Russian social media influencers react to Russia’s Instagram ban


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Influencers in Russia are speaking out about the Instagram ban in the country amid the Russia-Ukraine war.

Instagram’s ban went into effect Monday.

Popular social media stars who have amassed millions of followers posted tearful videos in which they hinted that their livelihoods as they knew it have been upended.

Olga Buzova, who is reportedly a reality TV star in Russia, informed her 23.3 million followers on Instagram that she felt as if her life was “being taken away” from her.

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“I am not afraid of admitting that I do not want to lose you,” the 36-year-old said to her 23.2 million followers, according to Insider.

In her seven-minute-long video, Buzova went on to say that she doesn’t’ know “what the future holds.”

“I don’t know. I just shared my life, my work and my soul. I did not do this all as a job for me — this is a part of my soul. It feels like a big part of my heart and my life is being taken away from me,” she added, according to the report.

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Another blogger, whose name has not been identified, was the subject of some tweets for a video she posted in which she cried over the ban.

“To me, it’s all life. It’s the soul. It’s the one thing with which I wake up, fall asleep. F–king five years in a row,” the blogger said in Russian, according to reports.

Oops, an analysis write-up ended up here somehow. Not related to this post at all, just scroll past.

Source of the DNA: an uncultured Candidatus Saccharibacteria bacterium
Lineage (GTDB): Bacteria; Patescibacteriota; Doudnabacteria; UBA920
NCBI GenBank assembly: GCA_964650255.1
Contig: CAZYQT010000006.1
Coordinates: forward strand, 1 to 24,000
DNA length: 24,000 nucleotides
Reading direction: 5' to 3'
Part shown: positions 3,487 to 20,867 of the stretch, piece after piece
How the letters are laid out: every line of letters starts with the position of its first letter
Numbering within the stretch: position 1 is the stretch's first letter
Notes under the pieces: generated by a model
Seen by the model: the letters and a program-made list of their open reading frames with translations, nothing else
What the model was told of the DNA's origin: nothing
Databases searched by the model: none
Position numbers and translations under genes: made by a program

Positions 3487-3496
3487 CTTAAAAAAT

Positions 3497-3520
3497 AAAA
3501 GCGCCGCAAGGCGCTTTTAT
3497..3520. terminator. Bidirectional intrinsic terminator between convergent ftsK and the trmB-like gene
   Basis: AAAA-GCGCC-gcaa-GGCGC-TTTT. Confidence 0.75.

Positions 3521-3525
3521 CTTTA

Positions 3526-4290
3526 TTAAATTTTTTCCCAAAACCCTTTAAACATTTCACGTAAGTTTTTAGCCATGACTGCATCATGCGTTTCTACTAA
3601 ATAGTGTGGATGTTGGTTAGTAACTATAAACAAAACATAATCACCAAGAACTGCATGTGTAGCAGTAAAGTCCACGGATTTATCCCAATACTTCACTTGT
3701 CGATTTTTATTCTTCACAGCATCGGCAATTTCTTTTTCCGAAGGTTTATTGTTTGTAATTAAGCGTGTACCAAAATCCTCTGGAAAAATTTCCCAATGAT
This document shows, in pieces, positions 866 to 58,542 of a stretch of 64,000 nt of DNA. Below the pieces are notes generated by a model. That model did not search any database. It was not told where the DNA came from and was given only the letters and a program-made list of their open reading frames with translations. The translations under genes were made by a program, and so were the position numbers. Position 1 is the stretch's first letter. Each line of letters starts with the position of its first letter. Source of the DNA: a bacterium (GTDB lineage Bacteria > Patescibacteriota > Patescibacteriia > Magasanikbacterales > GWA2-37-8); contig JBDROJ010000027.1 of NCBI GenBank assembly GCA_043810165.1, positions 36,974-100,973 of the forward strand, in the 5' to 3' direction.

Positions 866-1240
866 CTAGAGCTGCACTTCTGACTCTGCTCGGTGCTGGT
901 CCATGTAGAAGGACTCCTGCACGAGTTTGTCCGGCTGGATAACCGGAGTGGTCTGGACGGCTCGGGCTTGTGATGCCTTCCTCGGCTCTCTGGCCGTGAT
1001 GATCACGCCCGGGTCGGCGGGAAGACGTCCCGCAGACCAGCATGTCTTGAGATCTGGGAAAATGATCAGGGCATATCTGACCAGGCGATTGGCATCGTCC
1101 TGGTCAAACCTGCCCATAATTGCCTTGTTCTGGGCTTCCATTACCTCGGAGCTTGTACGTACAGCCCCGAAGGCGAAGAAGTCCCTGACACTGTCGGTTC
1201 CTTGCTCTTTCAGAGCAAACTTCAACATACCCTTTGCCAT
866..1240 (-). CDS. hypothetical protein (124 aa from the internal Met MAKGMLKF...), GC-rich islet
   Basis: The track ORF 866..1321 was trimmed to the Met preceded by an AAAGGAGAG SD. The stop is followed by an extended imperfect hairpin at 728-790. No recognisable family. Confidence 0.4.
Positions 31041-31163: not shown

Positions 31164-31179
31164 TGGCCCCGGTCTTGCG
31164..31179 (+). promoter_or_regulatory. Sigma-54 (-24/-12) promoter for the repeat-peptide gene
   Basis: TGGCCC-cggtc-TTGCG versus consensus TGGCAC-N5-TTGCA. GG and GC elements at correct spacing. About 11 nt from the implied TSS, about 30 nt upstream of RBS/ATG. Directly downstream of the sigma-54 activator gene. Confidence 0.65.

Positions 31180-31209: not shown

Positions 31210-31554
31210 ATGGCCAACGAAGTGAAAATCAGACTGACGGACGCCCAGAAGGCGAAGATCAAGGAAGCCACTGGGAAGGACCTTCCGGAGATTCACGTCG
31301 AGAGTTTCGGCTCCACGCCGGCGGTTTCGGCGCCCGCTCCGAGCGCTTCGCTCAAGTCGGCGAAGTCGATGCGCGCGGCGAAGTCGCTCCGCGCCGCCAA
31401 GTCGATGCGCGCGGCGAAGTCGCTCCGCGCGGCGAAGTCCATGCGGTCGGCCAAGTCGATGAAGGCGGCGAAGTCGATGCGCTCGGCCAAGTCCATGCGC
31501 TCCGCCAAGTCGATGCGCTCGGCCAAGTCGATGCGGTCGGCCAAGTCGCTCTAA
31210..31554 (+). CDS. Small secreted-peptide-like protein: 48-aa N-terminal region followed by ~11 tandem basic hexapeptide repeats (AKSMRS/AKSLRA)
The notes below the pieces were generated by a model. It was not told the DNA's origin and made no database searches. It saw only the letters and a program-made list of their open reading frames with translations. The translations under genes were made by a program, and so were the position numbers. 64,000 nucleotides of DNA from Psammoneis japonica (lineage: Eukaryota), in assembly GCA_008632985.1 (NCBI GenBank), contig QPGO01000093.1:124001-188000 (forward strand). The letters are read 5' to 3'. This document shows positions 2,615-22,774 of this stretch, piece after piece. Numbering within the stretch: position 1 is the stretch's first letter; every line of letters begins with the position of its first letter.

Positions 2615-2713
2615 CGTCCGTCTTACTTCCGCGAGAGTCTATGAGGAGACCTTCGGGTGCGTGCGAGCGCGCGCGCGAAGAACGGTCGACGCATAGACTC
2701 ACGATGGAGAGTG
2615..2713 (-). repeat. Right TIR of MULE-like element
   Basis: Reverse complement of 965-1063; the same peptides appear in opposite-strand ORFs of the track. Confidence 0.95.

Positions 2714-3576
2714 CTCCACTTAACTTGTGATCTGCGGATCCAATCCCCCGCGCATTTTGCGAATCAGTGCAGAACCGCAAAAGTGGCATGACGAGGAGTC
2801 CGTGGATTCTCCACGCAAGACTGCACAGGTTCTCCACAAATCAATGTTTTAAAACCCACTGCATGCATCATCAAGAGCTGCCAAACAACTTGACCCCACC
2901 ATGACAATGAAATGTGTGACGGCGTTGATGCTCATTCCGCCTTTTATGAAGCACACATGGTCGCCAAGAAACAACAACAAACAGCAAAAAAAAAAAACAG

Another influencer named Valeria Chekalina said goodbye in a post on her Instagram, which has 10.5 million followers. She added that she will still be using the Telegram app but said she knows not everyone uses it.

Russian regulators said Friday that the country’s internet users will be blocked from accessing Instagram, saying it’s being used to call for violence against Russian soldiers.

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Communications and media regulator Roskomnadzor said in a statement that it’s restricting national access to Instagram. It said the platform is spreading “calls to commit violent acts against Russian citizens, including military personnel.”

Roskomnadzor cited a Thursday tweet by Meta spokesman Andy Stone conveying a company statement saying it had “made allowances for forms of political expression that would normally violate our rules on violent speech, such as ‘death to the Russian invaders’.”

The Instagram app icon on the screen of a mobile device 
(AP Photo/Jenny Kane)

Stone’s statement followed a Reuters report that Meta was making a temporary change to its hate speech policy to allow Facebook and Instagram users in some countries to call for violence against Russians and Russian soldiers in the context of the Ukraine invasion.

The statement stressed that the company “still won’t allow credible calls for violence against Russian civilians.”

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Facebook parent Meta Platforms, which also owns Instagram, on Friday defended what it described as a temporary decision “taken in extraordinary and unprecedented circumstances.”

“I want to be crystal clear: Our policies are focused on protecting people’s rights to speech as an expression of self-defense in reaction to a military invasion of their country,” said a statement Friday from Nick Clegg, Meta’s president of global affairs.

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“The fact is, if we applied our standard content policies without any adjustments we would now be removing content from ordinary Ukrainians expressing their resistance and fury at the invading military forces, which would rightly be viewed as unacceptable,” Clegg added.

He noted that the policy only applies in Ukraine and the company hasn’t changed its policies against hate speech targeting Russian people.

The Associated Press contributed to this report.





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